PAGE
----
Wednesday, May 21, 2014

Tech | How to Set JAVA_HOME / PATH variables Under Linux Bash Profile

It's one of those processes you read about once, and somehow you imagine you got all the steps in your head. Well, that is the case until it rears its ugly head at critical moments of some nagging implementation.

~/.bash_profile is a startup script which generally runs once. This particular file is used for commands which run when the normal user logs in. Common uses for .bash_profile are to set environment variables such as PATH, JAVA_HOME, to create aliases for shell commands, and to set the default permissions for newly created files.

Set JAVA_HOME / PATH for a single user
Login to your account and open .bash_profile file
$ vi ~/.bash_profile
Set JAVA_HOME as follows using syntax export JAVA_HOME=. If your path is set to /usr/java/jdk1.5.0_07/bin/java, set it as follows:
export JAVA_HOME=/usr/java/jdk1.5.0_07/bin/java
Set PATH as follows:
export PATH=$PATH:/usr/java/jdk1.5.0_07/bin

Feel free to replace /usr/java/jdk1.5.0_07 as per your setup. Save and close the file. Just logout and login back to see new changes. Alternatively, type the following command to activate the new path settings immediately:

$ source ~/.bash_profile
$ . ~/.bash_profile
Verify new settings:
$ echo $JAVA_HOME
$ echo $PATH

Tip: Use the following command to find out exact path to which java executable under UNIX / Linux:
$ which java
Please note that the file ~/.bashrc is similar, with the exception that ~/.bash_profile runs only for Bash login shells and .bashrc runs for every new Bash shell.

Set JAVA_HOME / PATH for all users
You need to setup global config in /etc/profile OR /etc/bash.bashrc file for all users:
# vi /etc/profile
Next setup PATH / JAVA_PATH variables as follows:
export PATH=$PATH:/usr/java/jdk1.5.0_07/bin
export PATH=$PATH:/usr/java/jdk1.5.0_07/bin

Save and close the file. Once again you need to type the following command to activate the path settings immediately:
# source /etc/profile
# . /etc/profile

Tech | How to fix "Xlib: No protocol specified"

While installing Oracle database I was getting this error. I searched various blogs and forums and found out many solutions but lastly I got one solution which worked for me.

But well I will post all the possible ways which you can try (as per my knowledge) to overcome this issue.

Xlib: connection to ":0.0" refused by server
Xlib: No protocol specified
Specify the display protocol by logging into the user account you are getting the error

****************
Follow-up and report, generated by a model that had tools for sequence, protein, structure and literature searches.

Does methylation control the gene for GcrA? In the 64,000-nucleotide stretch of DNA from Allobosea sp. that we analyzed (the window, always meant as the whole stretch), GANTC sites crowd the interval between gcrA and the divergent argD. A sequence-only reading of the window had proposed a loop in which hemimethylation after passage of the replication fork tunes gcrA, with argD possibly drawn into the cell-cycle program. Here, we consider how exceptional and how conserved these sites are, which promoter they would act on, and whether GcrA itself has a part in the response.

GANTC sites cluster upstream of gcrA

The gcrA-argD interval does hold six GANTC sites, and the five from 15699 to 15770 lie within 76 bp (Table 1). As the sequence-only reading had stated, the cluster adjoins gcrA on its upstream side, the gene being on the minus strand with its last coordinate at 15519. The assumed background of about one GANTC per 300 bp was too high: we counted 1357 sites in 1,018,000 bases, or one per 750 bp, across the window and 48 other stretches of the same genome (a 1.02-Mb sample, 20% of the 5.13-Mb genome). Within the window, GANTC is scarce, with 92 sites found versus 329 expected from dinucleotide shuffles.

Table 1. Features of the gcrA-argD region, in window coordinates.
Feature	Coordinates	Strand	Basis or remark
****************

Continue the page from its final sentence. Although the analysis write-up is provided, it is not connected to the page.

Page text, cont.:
Solution 1:
$ export DISPLAY=localhost:0.0
$ xhost +
Solution 2:
$ export DISPLAY=(machine_name):0.0

For example:
$ export DISPLAY=
$ xhost +
Solution 3 (which worked for me)

Login to the user account where you are getting the above error
$ xauth $DISPLAY
xauth: creating  new authority file /home/oracle/.Xauthority
xauth: (argv):1: unknown command ":0.0"
The best way to check whether your Xlib display protocol is working or not is by using xclock command
$ xclock
After running this command you should see a small clock on your screen.

Solution 4
In case the above solution does not work

Login as root
# xauth $DISPLAY
xauth: creating new authority file /home/root/.Xauthority
# xauth list $DISPLAY MIT-MAGIC-COOKIE-1 f601e6a29ea688786765434c5c6325071
Now copy the above output and su to the user you are facing issue
# su - oracle
$ xauth add MIT-MAGIC-COOKIE-1
xauth: creating new authority file /home/oracle/.Xauthority
Now test if your DISPLAY is working
You should get a small clock output on the screen

Tech | How to solve ssh_exchange_identification: Connection closed by remote host

Many a times when accessing a server via SSH you may end up with “ssh_exchange_identification: Connection closed by remote host” error message. For example:

ssh_exchange_identification: Connection closed by remote host
OR may be more descriptive error when you use the verbose mode (-v flag)

 OpenSSH_4.0p1, OpenSSL 0.9.7a Feb 19 2003
 debug1: Reading configuration data /etc/ssh/ssh_config
 debug1: Applying options for *
 debug1: Connecting to [] port 22.
 debug1: Connection established.
 debug1: permanently_set_uid: 0/0
 debug1: identity file /root/.ssh/identity type -1
 debug1: identity file /root/.ssh/id_rsa type -1
 debug1: identity file /root/.ssh/id_dsa type 2

The ‘ssh_exchange_identification’ issue occurs for various reasons. So to fix the issue, check the following:

1) TCP wrappers i.e. whether ssh is restricted to certain IPs in /etc/hosts.allow and /etc/hosts.deny. If yes, make sure your local IP is added in the allowed list.
Edit the /etc/hosts.allow file and add the following at the top:

sshd : yourlocalip : allow

2) The /var/empty/sshd folder should be owned by user ‘root’. Sometimes if a new application is installed, it somehow changes the ownership of the /var/empty/sshd directory resulting in ‘ssh_exchange_identification’ error message.

# chown root.root /var/empty/sshd –R

3) If the permission of the private key files are incorrect i.e. if private key files are readable by all, it also results in “ssh_exchange_identification: Connection closed by remote host” error.

For example, if any of the private key file “ssh_host_key, ssh_host_rsa_key or ssh_host_dsa_key” in /etc/ssh directory have 644 permissions, they should be set to 600.

# cd /etc/ssh
# chmod 600 ssh_host_key ssh_host_rsa_key ssh_host_dsa_key